Widgetized Section

Go to Admin » Appearance » Widgets » and move Gabfire Widget: Social into that MastheadOverlay zone

How Can Social Marketing Help Reduce Carbon Emissions?

The views expressed are those of the author and do not necessarily reflect the views of ASPA as an organization.

By Nancy R. Lee
December 8, 2023

Imagine a world in which citizens eagerly adopt behaviors that public sector managers advocate for to improve public health, prevent injuries, protect the environment and engage communities. This is a world that Social Marketing can help you create. This is my sixth column highlighting Social Marketing, a proven discipline to influence citizen behaviors for social good.

The “wicked problem” that Social Marketing can help address discussed in the July ASPA PA Times online newsletter was reducing School Mass Shootings; in August, reducing Wildfires; in September, preventing Youth Suicide; in October, reducing Fentanyl Overdoses; and in November, reducing Homelessness. This month I am discussing how a Social Marketing approach can help reduce Carbon Emissions.

Carbon Emissions: What’s the Problem? 

EPA’s website on Greenhouse Gas Emissions highlights the problem, as well as potential solutions:

  • “Greenhouse gases trap heat and make the planet warmer.”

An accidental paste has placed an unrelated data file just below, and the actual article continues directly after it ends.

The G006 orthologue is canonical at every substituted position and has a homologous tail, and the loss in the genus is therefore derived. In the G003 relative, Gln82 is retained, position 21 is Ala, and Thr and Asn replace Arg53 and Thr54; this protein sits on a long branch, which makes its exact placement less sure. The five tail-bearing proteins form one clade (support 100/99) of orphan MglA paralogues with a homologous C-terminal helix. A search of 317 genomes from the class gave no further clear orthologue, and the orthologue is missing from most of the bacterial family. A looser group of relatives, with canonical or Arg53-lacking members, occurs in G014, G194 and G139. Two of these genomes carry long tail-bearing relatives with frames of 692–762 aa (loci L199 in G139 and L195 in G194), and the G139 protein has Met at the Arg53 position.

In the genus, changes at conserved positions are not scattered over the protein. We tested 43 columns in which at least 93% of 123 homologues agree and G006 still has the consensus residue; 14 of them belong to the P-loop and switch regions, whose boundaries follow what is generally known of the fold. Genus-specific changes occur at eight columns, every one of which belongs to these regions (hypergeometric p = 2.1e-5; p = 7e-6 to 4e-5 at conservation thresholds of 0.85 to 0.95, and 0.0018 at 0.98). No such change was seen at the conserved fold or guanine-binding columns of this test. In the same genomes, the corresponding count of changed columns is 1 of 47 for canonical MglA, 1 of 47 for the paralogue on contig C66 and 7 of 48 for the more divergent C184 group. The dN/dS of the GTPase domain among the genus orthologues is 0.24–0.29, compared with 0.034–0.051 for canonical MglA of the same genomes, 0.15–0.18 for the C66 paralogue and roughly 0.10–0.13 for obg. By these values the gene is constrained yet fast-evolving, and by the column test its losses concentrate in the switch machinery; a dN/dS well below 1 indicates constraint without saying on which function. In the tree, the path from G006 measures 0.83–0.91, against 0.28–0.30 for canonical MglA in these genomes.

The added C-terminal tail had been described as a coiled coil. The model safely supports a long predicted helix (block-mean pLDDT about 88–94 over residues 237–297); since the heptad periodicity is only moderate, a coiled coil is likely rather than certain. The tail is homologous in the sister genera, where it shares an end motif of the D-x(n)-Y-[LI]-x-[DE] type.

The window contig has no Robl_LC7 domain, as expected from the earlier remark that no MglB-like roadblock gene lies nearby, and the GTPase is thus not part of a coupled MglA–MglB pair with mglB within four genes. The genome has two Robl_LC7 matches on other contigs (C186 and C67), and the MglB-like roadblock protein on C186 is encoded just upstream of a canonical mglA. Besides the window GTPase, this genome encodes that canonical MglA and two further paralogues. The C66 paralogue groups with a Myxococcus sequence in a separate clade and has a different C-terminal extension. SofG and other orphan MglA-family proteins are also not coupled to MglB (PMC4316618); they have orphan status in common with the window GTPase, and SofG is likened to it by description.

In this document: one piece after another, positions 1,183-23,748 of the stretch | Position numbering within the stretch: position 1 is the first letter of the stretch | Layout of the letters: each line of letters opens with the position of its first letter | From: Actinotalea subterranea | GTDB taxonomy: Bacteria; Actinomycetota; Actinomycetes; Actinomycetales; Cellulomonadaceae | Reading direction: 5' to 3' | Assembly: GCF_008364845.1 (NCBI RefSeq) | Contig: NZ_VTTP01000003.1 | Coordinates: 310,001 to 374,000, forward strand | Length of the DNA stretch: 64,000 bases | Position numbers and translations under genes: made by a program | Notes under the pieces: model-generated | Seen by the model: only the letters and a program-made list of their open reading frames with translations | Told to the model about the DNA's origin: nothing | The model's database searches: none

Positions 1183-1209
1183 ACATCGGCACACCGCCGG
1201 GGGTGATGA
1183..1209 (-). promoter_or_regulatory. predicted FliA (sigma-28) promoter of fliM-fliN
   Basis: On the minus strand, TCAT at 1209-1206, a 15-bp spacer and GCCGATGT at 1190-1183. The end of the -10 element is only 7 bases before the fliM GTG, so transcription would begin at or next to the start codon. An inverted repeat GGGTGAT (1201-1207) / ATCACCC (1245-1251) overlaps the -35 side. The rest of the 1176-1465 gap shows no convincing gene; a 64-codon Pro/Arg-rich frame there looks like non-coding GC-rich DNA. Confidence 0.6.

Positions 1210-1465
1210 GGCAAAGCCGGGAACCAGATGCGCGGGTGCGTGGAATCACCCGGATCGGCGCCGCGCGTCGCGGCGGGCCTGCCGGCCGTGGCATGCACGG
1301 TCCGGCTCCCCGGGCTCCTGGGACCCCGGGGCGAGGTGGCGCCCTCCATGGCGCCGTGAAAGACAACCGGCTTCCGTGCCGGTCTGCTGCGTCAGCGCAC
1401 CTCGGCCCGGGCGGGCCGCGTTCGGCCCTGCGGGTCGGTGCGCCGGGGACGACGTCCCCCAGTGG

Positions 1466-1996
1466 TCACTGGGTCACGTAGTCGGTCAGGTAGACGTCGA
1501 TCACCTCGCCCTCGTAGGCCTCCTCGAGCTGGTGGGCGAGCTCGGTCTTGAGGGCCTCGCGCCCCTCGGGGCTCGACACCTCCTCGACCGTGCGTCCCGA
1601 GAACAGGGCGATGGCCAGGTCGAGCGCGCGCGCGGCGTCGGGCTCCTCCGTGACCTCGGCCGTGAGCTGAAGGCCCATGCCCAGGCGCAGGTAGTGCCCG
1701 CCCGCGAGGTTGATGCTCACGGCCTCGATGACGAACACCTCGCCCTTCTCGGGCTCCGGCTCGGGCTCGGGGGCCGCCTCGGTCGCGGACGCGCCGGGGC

• “Human activities are responsible for almost all of the increase in greenhouse gases in the atmosphere over the last 150 years.”
  • “The largest source of greenhouse gas emission from human activities in the United States is from burning fossil fuels for electricity, heat and transportation.”

It is further noted that the transportation sector accounts for 28 percent of 2021 greenhouse gas emissions, and that one of the greatest opportunities to reduce these emissions is to reduce the number of miles that people drive each day.

And that electric power accounted for 25 percent of 2021 greenhouse gas emissions, and that one of the greatest opportunities is to reduce these emissions is to increase energy efficiency and conservation in homes, businesses and industry.

EPA also emphasizes that since 1990, gross U.S. greenhouse gas emissions have only decreased by just over 2 percent. The following Social Marketing case examples demonstrate what we can do more of to accelerate this decline.

Increasing Energy Efficiency

In the early 1990s, EPA partnered with the industry sector to change purchasing behaviors toward greater energy efficiency. The entire supply chain was leveraged—from manufacturers to retailers, to utilities and to consumers. The approach was branded ENERGY STAR, a program to increase availability and demand for energy efficient products.

ENERGY STAR has a strong value proposition, including providing consumers with potential desired benefits from selecting ENERGY STAR certified products including an easy/simple way to save energy and money, and protect the environment.